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Millennium Post

Bank Bill puts sector in disarray

The banking Amendment Bill passed in the Lok Sabha on Tuesdayis about the regulation of the banking sector in a new way. The Bill has no basis in empirical reality. It has merely empowered the Reserve Bank of India in a way that has not been contemplated before. It has empowered the setting up of new banks. The Bill merely contemplates the circulation of money in a new way.

This need not necessarily mean good. Some of the old features of the banking sector were put in place to stop the business of money laundering and the loot of public money. Now the amendment has affected the future of the money that has been invested by many people in public sector banks and in banks linked to them may be in jeopardy. This is because the transfer of funds form public sector banks to the new banks in the private sector may adversely impact public investments.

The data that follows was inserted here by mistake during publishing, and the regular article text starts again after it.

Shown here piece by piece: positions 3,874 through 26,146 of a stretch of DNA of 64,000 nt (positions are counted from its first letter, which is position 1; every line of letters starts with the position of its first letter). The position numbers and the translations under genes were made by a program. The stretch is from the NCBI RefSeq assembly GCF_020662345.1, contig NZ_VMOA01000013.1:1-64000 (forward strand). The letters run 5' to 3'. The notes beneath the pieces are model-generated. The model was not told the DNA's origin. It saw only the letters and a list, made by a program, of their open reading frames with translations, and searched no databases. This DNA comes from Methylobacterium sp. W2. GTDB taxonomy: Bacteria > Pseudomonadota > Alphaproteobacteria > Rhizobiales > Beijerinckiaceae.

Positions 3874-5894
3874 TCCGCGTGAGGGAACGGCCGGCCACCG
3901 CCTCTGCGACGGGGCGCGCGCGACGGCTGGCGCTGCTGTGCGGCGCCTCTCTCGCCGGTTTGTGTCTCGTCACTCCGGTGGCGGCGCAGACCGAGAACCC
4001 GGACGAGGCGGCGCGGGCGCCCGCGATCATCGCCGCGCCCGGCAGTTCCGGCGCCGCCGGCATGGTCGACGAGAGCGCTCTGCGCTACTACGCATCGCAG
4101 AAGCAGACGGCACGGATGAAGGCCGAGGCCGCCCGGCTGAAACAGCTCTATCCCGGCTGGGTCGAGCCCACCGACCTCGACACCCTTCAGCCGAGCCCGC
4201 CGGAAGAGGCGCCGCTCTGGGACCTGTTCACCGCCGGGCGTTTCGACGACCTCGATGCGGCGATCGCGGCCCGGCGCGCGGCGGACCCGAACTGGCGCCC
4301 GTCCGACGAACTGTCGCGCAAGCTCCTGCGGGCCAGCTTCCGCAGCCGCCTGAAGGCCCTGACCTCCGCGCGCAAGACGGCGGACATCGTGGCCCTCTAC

A lot of the funds invested in the public sector banks is public money. The transfer of funds necessarily means that a lot of the funds that are available to the people may go the new banks whose antecedents are unknown.  The Congress Party’s rush to pass this Bill, despite the combined opposition of all the major Opposition parties, might raise questions on its action. The Bahujan Samaj Party led by Mayawati has opposed the Banking Amendment Bill as also the Bharatiya Janata Party. The passage of the Bill remains a mystery.

The Bill has not even been discussed in Parliament. This is the cause of discord between the Opposition parties and the allies of this government most of whom have deserted it as well as the very few friends it has left. As the Bill has been passed in the Lok Sabha by a minority government which has been deserted by most of its allies it adds flavour to the mystery of the passage of this Bill.
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